Gaza: Anas Sarwar, Sadiq Khan pressure Starmer over ceasefire
Shadow ministers Yasmin Qureshi and Imran Hussain also appealed for ceasefire
TWO senior Muslim politicians in Labour have urged party leader Sir Keir Starmer to call for a ceasefire between Israel and Hamas.
Revealing the growing unrest within the opposition party over its position on the conflict, London mayor Sadiq Khan called on Friday (27) for a ceasefire in the conflict.
Scottish Labour leader, Anas Sarwar, also echoed Khan’s call for a ceasefire.
On Wednesday (25), Yasmin Qureshi, the shadow minister for the equalities office, called for a ceasefire. Imran Hussain, shadow minister for the future of work, made the same appeal on Friday.
Sir Keir has been witnessing growing pressure within as 49 of the party’s MPs said that they want a ceasefire.
Khan went a step beyond his party’s appeals for a humanitarian pause in fighting to allow aid into the Israeli-besieged Gaza Strip.
The London mayor said he backed Israel’s right to defend itself – but cautioned that a military escalation could worsen a humanitarian crisis in Gaza.
“I join the international community in calling for a ceasefire. It would stop the killing and would allow vital aid supplies to reach those who need it in Gaza,” Khan said in a video posted on X, formerly Twitter.
Adding pressure on Sir Keir, Sarwar also joined the call for a ceasefire.
“There have been too many innocent lives lost in Israel and Palestine. We need a ceasefire now,” Sarwar, the first Muslim to lead a mainstream political party in the UK, said on X.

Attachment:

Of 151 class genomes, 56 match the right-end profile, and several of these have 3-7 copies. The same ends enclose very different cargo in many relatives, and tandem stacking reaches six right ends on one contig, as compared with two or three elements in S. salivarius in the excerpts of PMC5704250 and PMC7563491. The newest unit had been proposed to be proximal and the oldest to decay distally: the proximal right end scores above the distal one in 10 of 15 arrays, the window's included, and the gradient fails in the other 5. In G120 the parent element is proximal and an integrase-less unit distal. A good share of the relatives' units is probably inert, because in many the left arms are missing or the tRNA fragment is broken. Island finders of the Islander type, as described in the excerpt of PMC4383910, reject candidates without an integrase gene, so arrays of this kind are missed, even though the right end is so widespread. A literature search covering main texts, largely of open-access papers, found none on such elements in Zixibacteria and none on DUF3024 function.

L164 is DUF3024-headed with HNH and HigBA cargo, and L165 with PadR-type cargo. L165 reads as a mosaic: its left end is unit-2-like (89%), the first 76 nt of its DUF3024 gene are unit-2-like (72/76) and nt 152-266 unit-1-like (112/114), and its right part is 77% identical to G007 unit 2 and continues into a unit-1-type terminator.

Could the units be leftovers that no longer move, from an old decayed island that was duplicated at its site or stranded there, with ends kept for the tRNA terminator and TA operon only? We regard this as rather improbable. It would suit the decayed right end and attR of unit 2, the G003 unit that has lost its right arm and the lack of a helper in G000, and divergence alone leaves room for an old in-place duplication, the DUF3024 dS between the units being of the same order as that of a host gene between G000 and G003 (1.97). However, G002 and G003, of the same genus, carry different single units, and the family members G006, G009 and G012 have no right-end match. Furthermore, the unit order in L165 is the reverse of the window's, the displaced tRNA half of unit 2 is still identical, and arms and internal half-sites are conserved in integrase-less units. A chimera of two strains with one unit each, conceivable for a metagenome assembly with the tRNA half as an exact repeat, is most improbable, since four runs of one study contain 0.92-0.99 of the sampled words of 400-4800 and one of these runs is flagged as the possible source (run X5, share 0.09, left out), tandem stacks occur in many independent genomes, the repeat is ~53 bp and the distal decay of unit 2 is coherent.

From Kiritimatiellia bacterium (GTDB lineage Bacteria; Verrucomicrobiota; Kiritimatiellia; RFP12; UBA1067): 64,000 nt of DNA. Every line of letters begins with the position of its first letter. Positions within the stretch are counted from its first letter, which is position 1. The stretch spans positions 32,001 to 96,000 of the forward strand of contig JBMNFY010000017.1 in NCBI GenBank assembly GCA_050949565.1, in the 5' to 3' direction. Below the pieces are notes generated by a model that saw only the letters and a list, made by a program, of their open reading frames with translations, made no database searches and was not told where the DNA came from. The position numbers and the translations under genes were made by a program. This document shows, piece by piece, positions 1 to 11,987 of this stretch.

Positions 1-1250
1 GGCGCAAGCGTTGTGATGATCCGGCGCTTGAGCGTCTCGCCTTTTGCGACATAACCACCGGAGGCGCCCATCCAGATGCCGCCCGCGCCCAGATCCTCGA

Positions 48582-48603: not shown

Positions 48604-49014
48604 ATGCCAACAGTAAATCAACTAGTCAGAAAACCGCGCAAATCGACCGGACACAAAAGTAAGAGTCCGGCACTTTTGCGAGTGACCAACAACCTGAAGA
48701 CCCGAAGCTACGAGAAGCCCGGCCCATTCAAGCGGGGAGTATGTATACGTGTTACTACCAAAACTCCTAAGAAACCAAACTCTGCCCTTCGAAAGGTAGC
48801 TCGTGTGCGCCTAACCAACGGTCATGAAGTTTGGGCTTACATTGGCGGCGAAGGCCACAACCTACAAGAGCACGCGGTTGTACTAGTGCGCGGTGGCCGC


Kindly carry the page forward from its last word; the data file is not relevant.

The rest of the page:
“We need a proper peace process, because sadly right now there is no peace and there is no process. That’s the only way we can see a safe, secure and free Palestine, and a safe, secure and free Israel.”
Among the 199 current Labour MPs, 49 have either voiced their support for a ceasefire or have endorsed a Commons motion advocating for one, the Guardian reported.
Meanwhile, some Labour politicians, especially Muslim MPs and councillors, were angered by comments Sir Keir made earlier this month that were interpreted to mean he backed Israel’s right to cut off power and water to Gaza.
His spokesperson later clarified that he had meant Israel had a right to defend itself, but people in Gaza needed access to water and power.
One Labour MP from the north said he received hundreds of emails in the past week from voters complaining about the way Sir Keir had handled the situation.
“The tone has been completely wrong. We look indifferent to innocent people being bombed in Gaza,” the MP said.
Sir Keir, with his deputy, Angela Rayner, met more than a dozen Muslim Labour MPs on Wednesday. They expressed concerns that his stance on the conflict was causing distress within the party.
Attendees at the meeting emphasised that the disappointment extended beyond being solely a “Jewish-Muslim community issue.”
Following an interview on LBC, several Labour councillors resigned from the party. Additionally, 150 other councillors co-signed a letter to Sir Keir and Rayner, requesting Labour’s support for a ceasefire.
Sir Keir has also been accused of allegedly “distorting” facts regarding a meeting with Muslim leaders in Cardiff. The South Wales Islamic Centre described the meeting as tense and asserted that the Labour leader’s subsequent tweets were inaccurate.
(with inputs from Reuters)